For-profit firms in society today are becoming increasingly expected to “give back” to the community through some sort of social initiative. In the past, it was hotly debated whether these societal expectations resulted in any sort of fiscal benefit. Now it is commonly agreed that there is financial benefit to conducting social initiatives, but there is no clarity around how the relationship of an organization’s social initiatives to its day-to-day operations impacts financial performance. This study examines the effect of social initiatives that are core to an organization’s everyday functions, and those that are peripheral to everyday functions, on financial performance. Additionally, this study examines the relationship between concerning core and peripheral social behavior on financial performance. Through two-sample t-tests and panel regression analysis, I determined that within a firm, peripheral social initiatives have a negative relationship with financial performance, while core initiatives and both types of concerning social behavior have no relationship. Between firms, core initiatives have a positive relationship with financial performance while concerning peripheral behavior has a negative correlation. This indicates that it may be fiscally beneficial to partake in social initiatives core to the everyday functioning of an organization and focus on reducing concerning peripheral behavior.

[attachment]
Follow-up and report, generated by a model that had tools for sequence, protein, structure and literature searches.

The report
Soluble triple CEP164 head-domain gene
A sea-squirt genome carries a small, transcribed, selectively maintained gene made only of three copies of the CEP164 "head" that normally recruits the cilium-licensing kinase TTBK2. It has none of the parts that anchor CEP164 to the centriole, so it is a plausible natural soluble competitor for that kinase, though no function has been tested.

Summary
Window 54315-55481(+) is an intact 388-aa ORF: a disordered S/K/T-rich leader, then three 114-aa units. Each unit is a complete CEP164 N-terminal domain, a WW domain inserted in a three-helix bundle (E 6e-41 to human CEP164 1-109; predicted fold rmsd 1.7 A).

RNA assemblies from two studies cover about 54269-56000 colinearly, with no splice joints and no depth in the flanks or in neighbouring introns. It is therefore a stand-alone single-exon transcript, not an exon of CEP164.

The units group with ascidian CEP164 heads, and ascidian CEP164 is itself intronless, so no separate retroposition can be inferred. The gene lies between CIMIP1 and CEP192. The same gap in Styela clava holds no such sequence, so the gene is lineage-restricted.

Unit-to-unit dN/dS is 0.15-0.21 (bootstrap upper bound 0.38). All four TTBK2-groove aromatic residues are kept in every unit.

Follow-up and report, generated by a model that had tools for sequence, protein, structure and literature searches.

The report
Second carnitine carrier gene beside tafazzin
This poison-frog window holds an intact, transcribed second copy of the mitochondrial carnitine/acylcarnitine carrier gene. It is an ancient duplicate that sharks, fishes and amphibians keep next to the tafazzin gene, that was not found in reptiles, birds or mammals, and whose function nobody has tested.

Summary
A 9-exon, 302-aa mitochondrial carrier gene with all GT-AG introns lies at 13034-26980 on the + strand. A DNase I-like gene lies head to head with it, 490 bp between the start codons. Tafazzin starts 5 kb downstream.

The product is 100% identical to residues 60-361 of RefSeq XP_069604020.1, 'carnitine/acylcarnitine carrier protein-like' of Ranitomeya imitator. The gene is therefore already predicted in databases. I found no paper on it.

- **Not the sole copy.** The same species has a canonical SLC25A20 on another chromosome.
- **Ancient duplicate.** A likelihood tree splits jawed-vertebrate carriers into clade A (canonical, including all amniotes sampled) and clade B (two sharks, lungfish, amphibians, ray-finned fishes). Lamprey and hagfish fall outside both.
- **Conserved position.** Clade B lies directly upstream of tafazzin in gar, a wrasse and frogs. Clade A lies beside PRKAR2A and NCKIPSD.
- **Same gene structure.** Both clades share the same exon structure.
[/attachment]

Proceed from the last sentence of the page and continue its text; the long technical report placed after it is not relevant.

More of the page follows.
Are you in or are you out?: How the relevance of an organization’s social initiatives to its day-to-day operations impacts financial performance.
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